“Angle to the inside! The inside!” Iolaus yelled as the riders passed. As if hearing his owners plea, Heniokhos hauled the reigns over, but found the path blocked by the horses of the red team. As the chariots hit the north turn, they passed under the giant bronze statue of Neptune and out of sight beings blocked by the high wall running down the center of the track.
“I can’t see what is happening!” Shouted Lilla out of frustration as the horses passed from her sight. Lilla’s grip on Gabrielle’s hand became so tight that it caused her to let out a squeak.
“Look!” Gabrielle pointed as the chariot teams came back into view emerging from the south turn. High on the wall men tilted a huge bronze likeness of a fish so that its snout tipped down. A dolphin, Iolaus had told them before the race began. Ten of these dolphins were balanced on a bar, one at a time they would be tipped forward indicating how many laps of the track were left to be completed.
“Last place!” Bellowed Iolaus, as the chariots passed.
“There is still time, master.” Gabrielle reassured. “The race is not won yet.”
“How now Cassius?” Asked Brutus as his friend approached.
A scroll was offered, and Brutus took it in hand. Unrolling the parchment, he began to read, his bearing becoming most grave.
“This is true?” he asked looking up at Cassius.
“All true! Gnaeus Pompeius Magnus has landed in Sicily!” By Jupiter! What is to be done?”
“Cassius, calm down, let’s not discuss this here in front of the throng. “Here.” Brutus stood then casually walked to the large antechamber leading out to the balcony Cassius in tow. Once inside both men looked round to make sure they stood alone.
“How did this come about?”
“Only the Gods know the details, but Pompeius landed upon the shores of Sicily a seven-day ago and men from far and wide are flocking to his banner! Peace, Land, and Bread is his mantra and the rabble in lower class love him for it!”
“Keep your voice down my friend,” Cautioned Brutus while his eyes darted about.
“He has taken control of the naval garrison on Sicily!” Cassius added, struggling to keep his composure. “The Senate has no means to fight his growing army, and Caesar cannot come to our aid!”
Brutus smiled, appreciating the irony. “Now you call out Caesar’s name wishing he would help, yet all this time we conspired against him. The politics of this certainly makes for strange bedfellows.”
“If Pompey comes to Rome—“
“Not if, Cassius, when.”
“We take the only course available to us, Cassius.”
“This is neither the time nor place to discuss such matters. For the present, I will issue a degree this very day calling for the Senate to meet in the morrow for debate on the issue. Tonight we few that hold position shall dine at my home.”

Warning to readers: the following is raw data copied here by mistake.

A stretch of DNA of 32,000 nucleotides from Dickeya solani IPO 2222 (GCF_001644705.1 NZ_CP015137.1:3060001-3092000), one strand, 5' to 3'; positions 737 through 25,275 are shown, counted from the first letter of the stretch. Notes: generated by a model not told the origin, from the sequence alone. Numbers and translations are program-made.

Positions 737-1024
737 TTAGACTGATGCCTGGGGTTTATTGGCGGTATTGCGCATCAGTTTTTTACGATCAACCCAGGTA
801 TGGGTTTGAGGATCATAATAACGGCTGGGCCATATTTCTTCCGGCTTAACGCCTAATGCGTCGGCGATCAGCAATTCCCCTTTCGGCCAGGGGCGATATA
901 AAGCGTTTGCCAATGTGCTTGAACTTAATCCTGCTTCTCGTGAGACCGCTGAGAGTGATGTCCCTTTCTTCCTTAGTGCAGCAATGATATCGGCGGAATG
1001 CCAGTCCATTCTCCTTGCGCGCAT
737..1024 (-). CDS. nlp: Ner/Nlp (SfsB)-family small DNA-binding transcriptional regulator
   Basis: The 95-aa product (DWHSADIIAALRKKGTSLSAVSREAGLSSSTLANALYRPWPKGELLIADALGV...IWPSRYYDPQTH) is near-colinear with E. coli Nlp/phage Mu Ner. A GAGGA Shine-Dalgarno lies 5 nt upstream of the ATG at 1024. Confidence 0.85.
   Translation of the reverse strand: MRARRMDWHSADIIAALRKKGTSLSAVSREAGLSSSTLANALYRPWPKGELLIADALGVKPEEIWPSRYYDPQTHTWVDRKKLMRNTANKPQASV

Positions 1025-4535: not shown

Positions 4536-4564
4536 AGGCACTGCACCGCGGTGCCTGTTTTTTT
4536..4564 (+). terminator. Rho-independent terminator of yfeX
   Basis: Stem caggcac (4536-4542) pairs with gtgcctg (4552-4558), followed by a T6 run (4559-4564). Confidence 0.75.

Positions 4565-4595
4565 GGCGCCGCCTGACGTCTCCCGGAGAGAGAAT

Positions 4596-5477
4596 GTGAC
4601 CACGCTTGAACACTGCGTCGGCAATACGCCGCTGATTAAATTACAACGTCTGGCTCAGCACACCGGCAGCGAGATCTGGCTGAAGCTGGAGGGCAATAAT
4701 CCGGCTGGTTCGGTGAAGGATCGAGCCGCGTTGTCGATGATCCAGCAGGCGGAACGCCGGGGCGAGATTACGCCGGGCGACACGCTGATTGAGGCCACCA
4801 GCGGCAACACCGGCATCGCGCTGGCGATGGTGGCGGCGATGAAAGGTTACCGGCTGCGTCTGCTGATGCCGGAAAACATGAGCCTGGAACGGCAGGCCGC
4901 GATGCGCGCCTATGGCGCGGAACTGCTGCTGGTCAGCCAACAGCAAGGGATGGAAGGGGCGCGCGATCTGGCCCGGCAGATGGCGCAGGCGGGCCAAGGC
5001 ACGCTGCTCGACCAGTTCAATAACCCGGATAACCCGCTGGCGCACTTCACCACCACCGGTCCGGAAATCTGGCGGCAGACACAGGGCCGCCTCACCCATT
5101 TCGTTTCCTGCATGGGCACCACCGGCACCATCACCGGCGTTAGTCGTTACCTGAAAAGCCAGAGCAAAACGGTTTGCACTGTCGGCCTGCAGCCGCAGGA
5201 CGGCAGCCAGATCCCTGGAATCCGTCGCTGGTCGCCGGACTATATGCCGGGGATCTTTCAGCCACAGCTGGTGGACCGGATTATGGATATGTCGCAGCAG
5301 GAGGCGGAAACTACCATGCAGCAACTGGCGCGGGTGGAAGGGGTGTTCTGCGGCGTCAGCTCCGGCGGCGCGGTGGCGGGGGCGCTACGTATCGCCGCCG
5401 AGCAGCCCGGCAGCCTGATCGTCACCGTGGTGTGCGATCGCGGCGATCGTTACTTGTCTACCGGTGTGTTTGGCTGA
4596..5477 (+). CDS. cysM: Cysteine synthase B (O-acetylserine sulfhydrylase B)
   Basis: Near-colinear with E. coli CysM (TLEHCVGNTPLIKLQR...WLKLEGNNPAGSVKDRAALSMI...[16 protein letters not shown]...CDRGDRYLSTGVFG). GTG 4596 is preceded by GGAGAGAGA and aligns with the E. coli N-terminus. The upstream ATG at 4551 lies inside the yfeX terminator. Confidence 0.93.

The driver for the red team made a critical error cutting his team over too hard to attain the inside tack. The strain was too much for the chariot’s axle to bear. When it broke, he was thrown onto the track. Seconds later he was trampled by the horses of the other teams.
The crowd roared, loving the slaughter. Men holding a stretcher ran out from the center partition, hauling the dead body onto the litter. They darted back to safety before the chariots could come round again.
Hearing the roar, Gabrielle wished she could see, but then again neither could Lilla.
As the horses went round the turn for the last time, the crowd of Patrician onlookers had surged to the rail to watch. Both she and Lilla had been harshly pushed to the back.
The noise of the crowd rose to a crescendo.
“Again Third!” Iolaus yelled.
Their master appeared from the throng, eyes darting about as he looked for them.
“Come,” he said curtly.
The two slaves followed without question.
In the after race excitement, few noticed both Brutus and Cassius quietly taking their leave.
“Once more unto the breach, dear friends!” Caesar exhorted, “Attack it once more!”
With yells brimming with primal ferocity Julius urged his army forward into the gap caused by the collapse of Carthage’s south wall.
Now was his moment of destiny! Julius spurred his mount racing into the opening between the lines of his men, aiming for the breech. Goading Bucephalus on, Ceasar jumped the span to miraculously land upon open ground within the city walls.
Immediately, the enemy was upon him, seeing their chance to kill Rome’s foremost general. With sword in hand Julius held his own, until Roman troops arrived.
Like a river freed from its banks, the legions poured through the opening in the wall, the whole of the Roman army now pounced upon prey. The sons of Carthage met the invaders in every street, every back passageway. Though the cause was lost, they fought on, choosing death rather than to live to see their Carthage laid low.
The Romans gave no quarter, putting all in their path to the sword. The screams of thousands rolled through the city as building after building was set to the torch. The flames rose to such intensity that the heat within the Temple of Tanit and Baal Hammon alone melted coins left in offering, fusing them into the marble.
“Charging the breech in the wall was unwise Caesar, you could have been killed.” Crassus rode up, both men watching as the troops set about their work of annihilating the city.
After a span of silence between them Caesar spoke upon reflection.
“Cowards die many times before their deaths, the brave experience death only once. Of all the strange things I’ve ever heard, it seems most strange to me that men fear death, given that death, which can’t be avoided, will come whenever it wants.
“But…” replied Crassus. “It is also best not to tempt death into arriving early.”
Julius smiled at the remark. “Now that this battle ends my friend, the Senate must give me dominion, they have no other option left them.”
“All true Caesar.” As he looked upon the terrible sight, Carthage’s destruction, Crassus couldn’t help but think of when his own sacred city would fall. Such was the fate Rome and of all cities, states, and authorities, all would one day meet their doom. All he could hope for... all anyone could hope for was to postpone the inevitable doomsday.
“Xena will be destroyed by the Persians,” Julius’ smug words, pulled Crassus from thought “I will invade Greece and take her for Rome.”
“And then Caesar?”
“The world Crassus, Then the world.”
Julius straightened upon his mount. “Let the men celebrate my victory. All the wine they can drink and any woman they desire. Tomorrow we began preparations to return to Rome by way of the fleet.”
“Very well Caesar.”